So how does it get better? That’s the problem, particularly with top prospect Jameson Taillon out for the year with Tommy John surgery,  Not having any more Rodriguez starts is a huge help, though replacement Brandon Cumpton isn’t likely to be a season-saver. If Liriano can merely pitch to his peripherals — his ERA is 1.20 runs higher than his xFIP — that’d be a big boost, too, though we should know by know how foolish it can be to count on Liriano to be effective for two years in a row.

And really, that’s the problem. There’s no top pitcher here, where last year, you may have argued the Pirates had three. Burnett is gone. Liriano is his usual inconsistent self. Cole has been more good than great. Charlie Morton is an acceptable mid-to-back-of-the-rotation starter. Volquez is Volquez. There are 41 pitchers who have been worth at least 1 WAR this year, and the Pirates don’t have any. They fare a bit better in RA9-WAR — Watson is No. 37, then no one until Cole appears tied for No. 70 — but it’s a staff who didn’t replace last year’s best pitcher and wasn’t prepared for inevitable steps back from their other building blocks.

Polanco is coming, and that should help the lineup. But he’s not going to be on the mound, there isn’t much help coming from within, and unless Neal Huntington shocks us all with an incredibly unlikely move for a James Shields or a Jeff Samardzija, the inability of the Pirates’ pitching to live up to what they showed in 2013 is going to be what prevents this team from returning to October, despite all the worry about their offense.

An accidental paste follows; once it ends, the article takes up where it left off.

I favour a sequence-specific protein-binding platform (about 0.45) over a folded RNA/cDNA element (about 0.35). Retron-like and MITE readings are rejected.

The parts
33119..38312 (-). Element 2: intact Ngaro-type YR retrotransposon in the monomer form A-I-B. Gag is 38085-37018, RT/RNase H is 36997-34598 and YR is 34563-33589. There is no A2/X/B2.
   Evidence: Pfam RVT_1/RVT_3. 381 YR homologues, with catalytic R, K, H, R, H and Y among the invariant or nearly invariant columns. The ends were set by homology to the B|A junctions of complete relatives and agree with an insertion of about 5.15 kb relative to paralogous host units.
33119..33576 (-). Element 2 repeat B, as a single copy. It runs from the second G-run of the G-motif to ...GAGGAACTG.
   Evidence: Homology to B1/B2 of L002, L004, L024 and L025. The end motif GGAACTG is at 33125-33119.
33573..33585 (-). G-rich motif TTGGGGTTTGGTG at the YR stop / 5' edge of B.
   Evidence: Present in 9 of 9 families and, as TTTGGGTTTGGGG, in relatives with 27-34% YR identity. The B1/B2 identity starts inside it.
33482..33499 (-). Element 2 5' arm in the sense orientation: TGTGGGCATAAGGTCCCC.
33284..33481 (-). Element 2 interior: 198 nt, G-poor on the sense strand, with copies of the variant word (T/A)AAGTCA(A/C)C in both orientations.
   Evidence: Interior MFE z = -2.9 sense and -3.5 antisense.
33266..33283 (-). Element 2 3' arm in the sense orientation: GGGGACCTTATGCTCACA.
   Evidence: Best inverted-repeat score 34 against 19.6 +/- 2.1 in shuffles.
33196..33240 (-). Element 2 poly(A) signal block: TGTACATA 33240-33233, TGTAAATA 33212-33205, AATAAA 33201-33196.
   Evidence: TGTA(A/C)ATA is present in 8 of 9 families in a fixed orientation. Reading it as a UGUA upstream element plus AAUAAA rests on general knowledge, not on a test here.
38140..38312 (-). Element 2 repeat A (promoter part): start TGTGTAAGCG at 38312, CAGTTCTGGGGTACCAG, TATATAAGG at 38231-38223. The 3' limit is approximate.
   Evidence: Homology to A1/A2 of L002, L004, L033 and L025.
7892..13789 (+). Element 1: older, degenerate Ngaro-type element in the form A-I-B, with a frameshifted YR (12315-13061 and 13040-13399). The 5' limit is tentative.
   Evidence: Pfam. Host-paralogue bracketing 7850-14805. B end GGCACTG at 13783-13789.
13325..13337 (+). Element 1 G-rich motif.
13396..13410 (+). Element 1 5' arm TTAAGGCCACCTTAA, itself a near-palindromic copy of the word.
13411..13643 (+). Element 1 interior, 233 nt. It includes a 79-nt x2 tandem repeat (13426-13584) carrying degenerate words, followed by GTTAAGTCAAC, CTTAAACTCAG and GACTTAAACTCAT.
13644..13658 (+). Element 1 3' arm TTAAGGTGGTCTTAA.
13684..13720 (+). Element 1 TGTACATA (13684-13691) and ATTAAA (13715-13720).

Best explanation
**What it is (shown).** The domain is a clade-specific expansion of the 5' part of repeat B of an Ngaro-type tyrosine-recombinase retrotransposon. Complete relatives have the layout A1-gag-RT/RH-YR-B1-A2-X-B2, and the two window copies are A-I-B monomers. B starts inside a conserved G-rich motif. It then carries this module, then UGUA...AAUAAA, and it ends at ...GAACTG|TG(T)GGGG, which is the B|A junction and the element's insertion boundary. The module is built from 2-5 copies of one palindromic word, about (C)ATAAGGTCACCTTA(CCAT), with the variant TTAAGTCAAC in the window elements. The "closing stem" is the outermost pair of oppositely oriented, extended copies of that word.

Mike Petriello used to write here, and now he does not. Find him at @mike_petriello or

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8 years ago

As pessimistic as this take is (w/ some merit), it’s also not very likely that Cole/Volquez will continue to put up a HR/FB rate that extremely high.

Once HR/FB normalizes, Cole is pretty much the same guy as he was last year and Volquez’s (improved/consistent) stuff has a chance to show.